Our faculty are consistently contributing to the national conversation through their research.
Faculty and students in the Division of Biostatistics are active in many areas of methodological and collaborative research, and regularly publish in high-impact statistics, biostatistics, and bio-medical journals.
Clinical trials: Anne Eaton, Lynn Eberly, Birgit Grund, Erika Helgeson, James Hodges, Joseph Koopmeiners, Chap Le, Xianghua Luo, Andrew Mugglin, Thomas Murray, James Neaton, Cavan Reilly, Lianne Siegel, Kyle Rudser, David Vock
We pride ourselves on getting students involved in research early and often. Masters students complete a research-oriented Plan B project in collaboration with a faculty adviser. PhD students are involved in research assistantships starting from their first semester, and typically identify a dissertation adviser during the second year of the program. Dissertations follow the 3-paper model, so our students often graduate with multiple peer-reviewed publications.
Recent Student Project and Dissertation Titles:
- Grace Lyden, “Policy-Relevant Causal Effect Estimators for Heterogeneous Treatments and Exposures”
- Chuyu Deng, “Innovative Methods for Treatment Effect Heterogeneity & Calibration”
- Yuan Zhang, “Modifications of Q-learning to Optimize Dynamic Treatment Regimes”
- Bin Guo, “Integrative Statistical Methods in Genomics and Neuroimaging”
- Shannon McKearnan, “Statistical Methods for Organ Transplant”
- Charles Cain, “Statistical Considerations for Clinical Trials Aiming to Identify Individualized Treatment Rules”
- Andrew DiLernia, “New Estimation and Inferential Methods for Functional Connectivity Analysis”
- Alex Knutson, “Integrating Summarized Imaging and Genomic Data with GWAS for Powerful Endophenotype Association Testing in Alzheimer’s Disease”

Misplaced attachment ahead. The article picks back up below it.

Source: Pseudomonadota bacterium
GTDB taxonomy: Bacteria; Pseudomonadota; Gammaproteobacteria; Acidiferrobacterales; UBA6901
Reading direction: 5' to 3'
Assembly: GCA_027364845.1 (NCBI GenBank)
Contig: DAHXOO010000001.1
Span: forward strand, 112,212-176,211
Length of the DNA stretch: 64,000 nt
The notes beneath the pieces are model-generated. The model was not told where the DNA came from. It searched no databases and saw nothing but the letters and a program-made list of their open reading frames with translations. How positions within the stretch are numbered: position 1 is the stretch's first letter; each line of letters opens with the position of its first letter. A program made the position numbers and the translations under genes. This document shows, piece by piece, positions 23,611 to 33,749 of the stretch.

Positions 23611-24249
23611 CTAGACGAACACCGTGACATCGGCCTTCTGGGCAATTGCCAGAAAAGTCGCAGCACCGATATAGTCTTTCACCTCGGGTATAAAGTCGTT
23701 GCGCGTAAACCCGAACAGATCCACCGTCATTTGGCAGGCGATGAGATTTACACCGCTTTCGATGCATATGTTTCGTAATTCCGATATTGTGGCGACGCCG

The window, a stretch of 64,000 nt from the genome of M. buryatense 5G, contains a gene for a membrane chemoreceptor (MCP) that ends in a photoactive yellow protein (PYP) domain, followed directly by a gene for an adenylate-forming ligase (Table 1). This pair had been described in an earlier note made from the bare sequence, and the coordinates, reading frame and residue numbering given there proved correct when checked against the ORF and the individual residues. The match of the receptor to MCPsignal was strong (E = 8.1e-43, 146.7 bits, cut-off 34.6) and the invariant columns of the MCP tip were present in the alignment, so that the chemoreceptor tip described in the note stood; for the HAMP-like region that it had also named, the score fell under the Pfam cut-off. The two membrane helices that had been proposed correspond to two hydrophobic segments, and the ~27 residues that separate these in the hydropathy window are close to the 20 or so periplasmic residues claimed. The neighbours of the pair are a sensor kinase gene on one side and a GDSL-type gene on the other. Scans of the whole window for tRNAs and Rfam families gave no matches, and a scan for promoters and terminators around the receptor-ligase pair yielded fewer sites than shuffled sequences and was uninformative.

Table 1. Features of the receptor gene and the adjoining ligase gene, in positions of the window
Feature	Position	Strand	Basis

- Lianne Siegel, “Estimating the Reference Range from a Meta-Analysis using Aggregate or Individual Participant Data”
- Adam Kaplan, “Context-Driven Prior Distributions in Genome–Wide Association Studies, Medical Device Adaptive Clinical Trials, and Genetic Fine-Mapping”
Biostatistics working groups are intended for University of Minnesota students and faculty and focus on various areas of faculty research. This is an opportunity for collaboration, peer-to-peer mentoring, and networking between student cohorts. If you are interested in participating in any of these working groups, please contact the working group leads below.
Active Working Groups
Title: Biostats for High-Dimensional Data Working Group
Faculty Lead(s): Ashley Petersen and Sandra Safo
Tentative meeting time: Second and fourth Fridays of every month, 1:15-2:15 pm
Description: The purpose of this working group is to discuss biostatistical methods for analyzing high-dimensional data (i.e., a large number of variables relative to the number of observations). During each meeting, one or two student members present on their own ongoing research or a journal article in this area. We spend the last meeting of the semester discussing a career development book chosen by the group.
Title: Comparative Effectiveness and Research Synthesis (CERS)
Faculty Lead(s): Lianne Siegel and James Hodges
Tentative meeting time: Fridays , biweekly 2:30-3:30 pm, starting September 23, 2022
Description: The mission of our working group is to develop and implement statistical methods to aid in research synthesis and comparative effectiveness research and to foster collaboration among UMN students and faculty conducting research in these areas. Our members develop statistical methods across many areas including multivariate and network meta-analysis, meta-analysis of diagnostic tests, causal inference in meta-analysis, and meta-analysis of normative data from both observational studies and randomized clinical trials. We are also interested in bridging the gap between statistical theory and practice (i.e. translational biostatistics) by publishing peer-reviewed high impact manuscripts that translate recent methodological advances to a clinical and epidemiological audience. We meet regularly to share our current work and discuss journal articles.